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View Full Version : Why do I need 15 lbs for warm water diving?



CamaroChick
06-17-2008, 12:01
I just came back from Roatan and got to do some dives in my brand new gear. Everything was good except one thing - I had to wear between 14 and 16 pounds of lead! I'm 5'7" about 130 lbs (skinny-ish build) and I have a 5mm long sleeve shorty because I get cold in 80 degree water. On past diving trips with similar gear and wetsuit, I've normally worn 8 - 10 lbs. I asked the DMs why it was taking so much lead for me to sink, and they thought it might be because the gear was new and very dry. But after 6 dives, I had to add 1 or 2 pounds!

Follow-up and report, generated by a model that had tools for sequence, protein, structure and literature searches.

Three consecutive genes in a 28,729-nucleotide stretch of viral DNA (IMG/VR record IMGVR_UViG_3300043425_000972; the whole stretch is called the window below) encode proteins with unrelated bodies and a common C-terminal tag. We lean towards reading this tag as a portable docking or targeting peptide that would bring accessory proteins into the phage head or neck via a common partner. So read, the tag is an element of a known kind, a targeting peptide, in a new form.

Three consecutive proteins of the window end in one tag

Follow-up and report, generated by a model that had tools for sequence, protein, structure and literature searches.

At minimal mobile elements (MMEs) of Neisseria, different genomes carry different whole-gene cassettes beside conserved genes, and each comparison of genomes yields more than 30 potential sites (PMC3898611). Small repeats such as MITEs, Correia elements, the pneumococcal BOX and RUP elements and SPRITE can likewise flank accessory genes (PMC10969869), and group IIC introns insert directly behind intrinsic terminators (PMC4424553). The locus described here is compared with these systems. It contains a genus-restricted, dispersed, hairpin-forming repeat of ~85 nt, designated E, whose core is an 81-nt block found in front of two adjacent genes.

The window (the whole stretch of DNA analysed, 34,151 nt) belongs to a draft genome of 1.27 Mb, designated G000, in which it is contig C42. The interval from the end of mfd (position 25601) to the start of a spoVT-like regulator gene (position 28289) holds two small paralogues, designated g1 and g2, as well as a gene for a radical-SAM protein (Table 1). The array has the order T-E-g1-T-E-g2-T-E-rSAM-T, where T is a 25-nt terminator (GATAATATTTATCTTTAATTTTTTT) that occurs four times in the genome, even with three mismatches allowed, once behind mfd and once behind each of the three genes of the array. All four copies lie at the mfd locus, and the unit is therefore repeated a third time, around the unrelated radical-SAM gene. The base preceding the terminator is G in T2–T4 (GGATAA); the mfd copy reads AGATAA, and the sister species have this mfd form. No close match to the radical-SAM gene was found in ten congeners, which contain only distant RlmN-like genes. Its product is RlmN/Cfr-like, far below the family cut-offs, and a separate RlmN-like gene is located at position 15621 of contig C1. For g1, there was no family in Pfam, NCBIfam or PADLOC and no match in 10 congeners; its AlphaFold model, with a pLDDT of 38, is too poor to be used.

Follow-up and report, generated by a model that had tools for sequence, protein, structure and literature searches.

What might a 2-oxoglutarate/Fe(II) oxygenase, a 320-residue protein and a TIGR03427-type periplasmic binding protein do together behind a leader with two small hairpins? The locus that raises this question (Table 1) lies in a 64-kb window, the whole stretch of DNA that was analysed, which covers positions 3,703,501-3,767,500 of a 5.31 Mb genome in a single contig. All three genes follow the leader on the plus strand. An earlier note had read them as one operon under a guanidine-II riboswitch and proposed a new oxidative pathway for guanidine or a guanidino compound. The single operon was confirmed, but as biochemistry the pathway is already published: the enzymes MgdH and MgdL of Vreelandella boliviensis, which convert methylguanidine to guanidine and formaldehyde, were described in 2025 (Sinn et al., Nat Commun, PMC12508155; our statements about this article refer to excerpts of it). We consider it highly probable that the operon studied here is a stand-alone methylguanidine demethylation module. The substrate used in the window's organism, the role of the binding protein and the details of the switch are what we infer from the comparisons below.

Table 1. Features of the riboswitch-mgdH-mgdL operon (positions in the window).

Any thoughts on what might be wrong? I think my wetsuit may be too big - seems to be a lot of extra neoprene in places. I can't be a happy diver carrying around that much weight! I will say that my new Zena BC was still very comfy even with that much weight.

mselizann
06-17-2008, 12:17
Don't forget that brand new suits are not compressed at all...
for a 5mm long sleeved shorty- brand new- that sounds about right

brandon
06-17-2008, 12:25
Several ideas for you:

New 5mm suit? That could be a factor, especially if it's a bit large - could be trapping an air bubble somewhere or just the neoprene bubbles haven't been fully squeezed out yet.

If Roatan's water has higher salinity than your normal warm water destinations, that could affect your weighting by small amounts, but not by 6-8 pounds.